These and other objects will be made clear from the following:
The present invention relates to a stannous fluoride-containing gel comprising from about 0.3% to about 1.0% (by weight) stannous fluoride, from about 1.0% to about 10% (by weight) silica thickening agent and an anhydrous base. Preferably, these gels also contain from about 0.01% to about 5% (by weight) of a gum system, e.g. hydroxyethyl cellulose.
These gels exhibit very good ribbon stand-up qualities and excellent fluoride ion and stannous ion stability.
Also, the present invention relates to an improved method for producing the above gels. This method uses mixing equipment commonly employed to manufacture dentifrices and provides a simplified processing scheme. This method involves (a) dissolving about 0.01 to about 5.0 parts gum system in an anhydrous base; (b) blending in from about 1 to about 10 parts silica thickening agent; and (c) adding from about 0.36 to about 0.46 parts stannous fluoride, wherein said anhydrous base in present in sufficient quantity such that the sum of all ingredient parts is 100.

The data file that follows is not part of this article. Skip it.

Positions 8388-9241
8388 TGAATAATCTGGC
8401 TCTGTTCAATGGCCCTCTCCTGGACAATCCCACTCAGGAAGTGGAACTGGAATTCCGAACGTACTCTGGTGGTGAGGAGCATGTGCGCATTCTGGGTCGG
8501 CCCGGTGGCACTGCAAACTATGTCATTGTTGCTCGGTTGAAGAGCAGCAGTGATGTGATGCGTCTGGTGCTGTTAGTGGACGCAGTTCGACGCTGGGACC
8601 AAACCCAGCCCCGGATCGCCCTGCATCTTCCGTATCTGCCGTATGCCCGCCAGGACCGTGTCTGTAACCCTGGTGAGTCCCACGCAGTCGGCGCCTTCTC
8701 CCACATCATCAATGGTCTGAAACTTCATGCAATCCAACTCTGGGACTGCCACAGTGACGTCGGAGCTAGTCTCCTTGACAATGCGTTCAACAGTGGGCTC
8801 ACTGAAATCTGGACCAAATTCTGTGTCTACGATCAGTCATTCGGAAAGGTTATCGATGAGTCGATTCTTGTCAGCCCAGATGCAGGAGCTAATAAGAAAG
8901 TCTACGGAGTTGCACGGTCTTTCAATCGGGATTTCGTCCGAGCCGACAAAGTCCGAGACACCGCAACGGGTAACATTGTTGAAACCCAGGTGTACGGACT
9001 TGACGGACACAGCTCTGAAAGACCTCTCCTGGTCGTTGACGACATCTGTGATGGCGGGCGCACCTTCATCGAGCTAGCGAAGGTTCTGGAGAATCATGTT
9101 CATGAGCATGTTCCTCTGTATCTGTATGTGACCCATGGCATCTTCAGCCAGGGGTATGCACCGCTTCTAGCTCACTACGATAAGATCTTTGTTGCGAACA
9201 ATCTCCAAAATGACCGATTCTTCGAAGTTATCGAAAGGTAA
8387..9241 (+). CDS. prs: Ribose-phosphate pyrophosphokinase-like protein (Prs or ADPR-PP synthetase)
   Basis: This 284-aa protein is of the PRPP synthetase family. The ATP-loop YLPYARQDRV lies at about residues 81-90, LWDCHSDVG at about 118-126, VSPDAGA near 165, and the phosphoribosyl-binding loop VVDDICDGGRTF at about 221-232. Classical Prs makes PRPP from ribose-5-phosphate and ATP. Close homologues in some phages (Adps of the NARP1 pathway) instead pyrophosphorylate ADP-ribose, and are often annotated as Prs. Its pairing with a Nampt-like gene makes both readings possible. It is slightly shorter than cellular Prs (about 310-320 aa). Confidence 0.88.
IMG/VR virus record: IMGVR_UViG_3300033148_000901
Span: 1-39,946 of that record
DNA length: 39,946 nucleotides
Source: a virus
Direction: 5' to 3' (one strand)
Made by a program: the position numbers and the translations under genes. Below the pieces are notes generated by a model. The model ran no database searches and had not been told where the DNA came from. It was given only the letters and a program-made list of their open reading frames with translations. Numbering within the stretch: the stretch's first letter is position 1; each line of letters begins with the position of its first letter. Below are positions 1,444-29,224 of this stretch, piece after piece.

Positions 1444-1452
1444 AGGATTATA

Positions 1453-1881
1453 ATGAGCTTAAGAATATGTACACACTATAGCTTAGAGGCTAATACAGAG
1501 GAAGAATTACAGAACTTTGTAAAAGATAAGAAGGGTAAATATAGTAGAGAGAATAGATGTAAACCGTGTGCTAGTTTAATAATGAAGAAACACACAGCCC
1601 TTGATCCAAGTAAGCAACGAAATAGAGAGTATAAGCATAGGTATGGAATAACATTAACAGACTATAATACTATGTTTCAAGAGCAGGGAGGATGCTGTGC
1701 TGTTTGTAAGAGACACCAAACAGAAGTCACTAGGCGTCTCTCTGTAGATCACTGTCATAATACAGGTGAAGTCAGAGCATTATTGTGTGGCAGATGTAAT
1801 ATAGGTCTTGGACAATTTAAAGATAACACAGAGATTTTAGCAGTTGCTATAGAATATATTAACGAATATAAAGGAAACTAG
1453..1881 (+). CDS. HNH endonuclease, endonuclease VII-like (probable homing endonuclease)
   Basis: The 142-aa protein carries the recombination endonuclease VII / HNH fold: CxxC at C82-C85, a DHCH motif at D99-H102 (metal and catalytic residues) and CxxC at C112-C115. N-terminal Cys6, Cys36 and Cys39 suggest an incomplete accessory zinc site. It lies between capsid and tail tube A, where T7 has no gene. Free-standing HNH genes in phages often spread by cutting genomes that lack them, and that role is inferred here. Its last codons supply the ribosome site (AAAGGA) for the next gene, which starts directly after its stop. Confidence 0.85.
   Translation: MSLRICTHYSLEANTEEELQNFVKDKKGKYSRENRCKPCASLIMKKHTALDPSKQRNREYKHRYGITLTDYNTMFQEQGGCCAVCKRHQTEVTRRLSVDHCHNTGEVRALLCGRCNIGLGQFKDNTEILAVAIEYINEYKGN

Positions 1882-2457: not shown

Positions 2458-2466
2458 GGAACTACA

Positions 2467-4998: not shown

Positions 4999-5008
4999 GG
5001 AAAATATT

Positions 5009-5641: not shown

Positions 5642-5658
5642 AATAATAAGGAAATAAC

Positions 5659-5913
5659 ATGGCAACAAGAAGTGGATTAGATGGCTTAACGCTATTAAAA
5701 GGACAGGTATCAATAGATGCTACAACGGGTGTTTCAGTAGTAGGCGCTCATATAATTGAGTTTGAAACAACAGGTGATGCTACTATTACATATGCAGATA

The present inventive improvement in gel stand-up, stannous/fluoride ion stability and processing techniques is predicated on the incorporation in the gel of a silica thickening agent.
All percentages and ratios used herein are on a weight basis unless otherwise specified.
As used herein ribbon "stand-up" qualities relates to a gel ribbon which has an extrudable consistency such that the extruded ribbon of the gel, when dispensed on to the bristles of a toothbrush, will stand up on the top surface of the bristles for a time sufficient to allow full application of the gel to the teeth, e.g., time interval of least 0.5 to 1.0 minutes. Stannous fluoride-containing gel compositions of the present invention are generally comprised of from about 0.3% to about 1.0% (preferably 0.36% to about 0.46%) stannous fluoride, from about 1.0% to about 10.0% (preferably 3.0% to 8.0%) silica thickening agent and an anhydrous base. Preferably the anhydrous base is glycerin. Furthermore, preferred gels of the present invention also include from about 0.1% to about 5% of a gum system most preferably from about 0.3% to about 1.0% of a gum system.